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The Panther Press

Piquing students’ interest in sports is as easy as pie

Sami Anderson

Every year, scores of high school students rush to the football fields, volleyball courts, pools, and basketball courts, while other sports teams look out to sparsely populated stands. As I watch parents, students, teachers, and friends hurry to attend more popular sports games and matches, I look out towards the benches adjacent to the tennis courts and see almost no students. I have learned from peers that this experience is shared among students who participate in sports such as cross country, golf, mountain biking, and sailing. However, there is a very simple solution for any sports that take place on the school’s campus.

We have had many tennis matches this season on the home courts, and there was an overall lack of audience. Of course, there are logical reasons why the above-mentioned sports have fewer spectators. Many of the events almost always take place off campus, and many students either don’t have easy transportation access or don’t have enough time in the afternoons to leave campus. Another reason is that these sports are considered less fun to watch, either because of their complicated rules or the fact that spectators are expected to be quiet.

But these justifications for the low turnout are quickly forgotten by the students if one simple thing is present at the sports events: food. Players and their families sometimes bring snacks for both teams, and when other students have come to cheer on the teams they find a pleasant surprise at the snack table, which encourages them to invite more friends. It turns out, food is a huge attraction! Snacks provide players with energy and a nice treat, but they also welcome supporters, other coaches, and whomever else may come to the games. I have noticed that whenever food is brought to our tennis matches, students from San Domenico rush towards the courts and linger for the majority of the matches.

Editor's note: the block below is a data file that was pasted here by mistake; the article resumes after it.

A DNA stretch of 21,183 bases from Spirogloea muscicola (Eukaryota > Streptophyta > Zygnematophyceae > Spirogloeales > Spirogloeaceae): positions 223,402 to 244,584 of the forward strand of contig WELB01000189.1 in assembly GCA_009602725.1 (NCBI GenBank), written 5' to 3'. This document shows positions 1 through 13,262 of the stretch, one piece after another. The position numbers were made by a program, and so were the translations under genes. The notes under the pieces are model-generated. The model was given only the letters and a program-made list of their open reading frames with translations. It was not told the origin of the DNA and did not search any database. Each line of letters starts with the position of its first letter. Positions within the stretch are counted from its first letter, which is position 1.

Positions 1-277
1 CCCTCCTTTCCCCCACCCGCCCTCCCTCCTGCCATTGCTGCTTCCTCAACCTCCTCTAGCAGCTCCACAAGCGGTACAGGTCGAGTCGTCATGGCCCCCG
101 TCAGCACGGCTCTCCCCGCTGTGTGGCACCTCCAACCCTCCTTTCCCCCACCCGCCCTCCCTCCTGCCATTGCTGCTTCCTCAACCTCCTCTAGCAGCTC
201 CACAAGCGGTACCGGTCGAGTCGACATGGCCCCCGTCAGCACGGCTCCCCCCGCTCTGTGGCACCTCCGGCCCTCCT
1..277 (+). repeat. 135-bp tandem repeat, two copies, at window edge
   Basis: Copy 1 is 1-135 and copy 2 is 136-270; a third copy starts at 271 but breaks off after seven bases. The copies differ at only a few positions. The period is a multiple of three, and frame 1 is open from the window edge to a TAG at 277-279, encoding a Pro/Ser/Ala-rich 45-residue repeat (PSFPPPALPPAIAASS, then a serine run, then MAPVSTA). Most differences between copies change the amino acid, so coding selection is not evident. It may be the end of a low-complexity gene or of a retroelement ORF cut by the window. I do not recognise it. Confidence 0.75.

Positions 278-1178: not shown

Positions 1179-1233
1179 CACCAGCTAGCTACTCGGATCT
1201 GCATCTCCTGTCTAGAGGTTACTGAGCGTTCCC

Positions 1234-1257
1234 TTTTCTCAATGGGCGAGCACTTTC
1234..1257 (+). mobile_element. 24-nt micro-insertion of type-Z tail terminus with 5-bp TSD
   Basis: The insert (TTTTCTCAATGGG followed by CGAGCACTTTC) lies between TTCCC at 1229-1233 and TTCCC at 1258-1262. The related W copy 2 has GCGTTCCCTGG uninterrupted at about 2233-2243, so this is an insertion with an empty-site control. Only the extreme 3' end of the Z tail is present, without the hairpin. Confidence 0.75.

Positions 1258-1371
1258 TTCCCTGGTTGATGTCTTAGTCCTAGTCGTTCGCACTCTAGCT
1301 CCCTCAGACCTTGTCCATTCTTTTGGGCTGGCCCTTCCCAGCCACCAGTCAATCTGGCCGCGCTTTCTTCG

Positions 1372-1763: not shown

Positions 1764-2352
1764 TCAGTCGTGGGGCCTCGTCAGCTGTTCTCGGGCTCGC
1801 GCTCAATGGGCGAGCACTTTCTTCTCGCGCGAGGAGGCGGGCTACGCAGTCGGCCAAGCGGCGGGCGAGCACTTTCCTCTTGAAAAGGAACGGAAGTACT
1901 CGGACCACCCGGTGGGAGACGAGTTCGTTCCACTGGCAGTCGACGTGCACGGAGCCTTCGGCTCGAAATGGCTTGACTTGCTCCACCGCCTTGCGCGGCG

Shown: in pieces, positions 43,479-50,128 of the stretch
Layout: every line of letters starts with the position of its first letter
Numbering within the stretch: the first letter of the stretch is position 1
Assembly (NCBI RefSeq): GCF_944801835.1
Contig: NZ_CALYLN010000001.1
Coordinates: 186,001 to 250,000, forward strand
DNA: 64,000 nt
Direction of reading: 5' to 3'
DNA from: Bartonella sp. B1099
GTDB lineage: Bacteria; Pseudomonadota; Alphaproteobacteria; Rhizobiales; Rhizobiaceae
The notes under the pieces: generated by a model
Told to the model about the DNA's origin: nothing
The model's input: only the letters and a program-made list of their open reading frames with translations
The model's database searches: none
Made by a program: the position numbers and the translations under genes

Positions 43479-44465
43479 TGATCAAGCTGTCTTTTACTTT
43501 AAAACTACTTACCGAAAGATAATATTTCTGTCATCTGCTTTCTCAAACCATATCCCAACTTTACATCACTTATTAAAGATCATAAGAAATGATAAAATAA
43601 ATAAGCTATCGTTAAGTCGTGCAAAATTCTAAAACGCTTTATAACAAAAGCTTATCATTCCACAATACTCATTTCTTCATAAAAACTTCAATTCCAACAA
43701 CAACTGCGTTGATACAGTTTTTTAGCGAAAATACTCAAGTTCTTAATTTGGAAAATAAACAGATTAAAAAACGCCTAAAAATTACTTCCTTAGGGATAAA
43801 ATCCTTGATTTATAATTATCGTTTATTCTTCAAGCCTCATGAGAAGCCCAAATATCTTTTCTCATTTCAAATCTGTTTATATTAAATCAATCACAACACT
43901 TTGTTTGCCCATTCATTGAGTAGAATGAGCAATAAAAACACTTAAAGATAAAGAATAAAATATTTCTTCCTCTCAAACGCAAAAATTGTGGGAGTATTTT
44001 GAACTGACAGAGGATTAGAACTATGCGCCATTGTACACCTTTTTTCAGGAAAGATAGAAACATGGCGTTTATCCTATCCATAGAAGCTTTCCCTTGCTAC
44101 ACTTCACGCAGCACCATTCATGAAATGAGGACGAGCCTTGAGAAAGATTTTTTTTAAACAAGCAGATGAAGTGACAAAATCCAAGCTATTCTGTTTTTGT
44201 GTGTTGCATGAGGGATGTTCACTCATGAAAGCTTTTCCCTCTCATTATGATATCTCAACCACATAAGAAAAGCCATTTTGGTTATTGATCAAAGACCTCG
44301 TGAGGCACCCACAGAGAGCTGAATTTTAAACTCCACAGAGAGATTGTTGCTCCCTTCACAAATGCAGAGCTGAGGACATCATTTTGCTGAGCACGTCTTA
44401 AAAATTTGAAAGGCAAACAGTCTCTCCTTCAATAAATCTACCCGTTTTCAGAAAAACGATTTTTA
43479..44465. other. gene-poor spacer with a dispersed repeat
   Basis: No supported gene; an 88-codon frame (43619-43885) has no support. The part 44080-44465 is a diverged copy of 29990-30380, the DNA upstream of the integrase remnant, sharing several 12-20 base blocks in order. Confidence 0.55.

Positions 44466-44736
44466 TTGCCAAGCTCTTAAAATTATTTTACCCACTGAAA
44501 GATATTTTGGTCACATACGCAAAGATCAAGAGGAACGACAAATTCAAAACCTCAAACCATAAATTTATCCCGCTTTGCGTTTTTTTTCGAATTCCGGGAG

The main issue with having a snack table at every event is the question of who will bring the food. My suggestion would be to set up a rotation so that ideally each student takes a turn supplying the food. Unfortunately, it is trickier to bring in more crowds to sports events that never occur on campus, but bringing snacks for the athletes playing at home is still a very kind gesture.

Food draws in a larger crowd and creates a more fun atmosphere for the athletes, as well as the spectators.

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About the Contributor
Lucy Egan, Contributor
Lucy Egan is a freshman at San Domenico and a contributor to The Panther Press. She enjoys playing tennis, traveling, and spending time with family and friends.  

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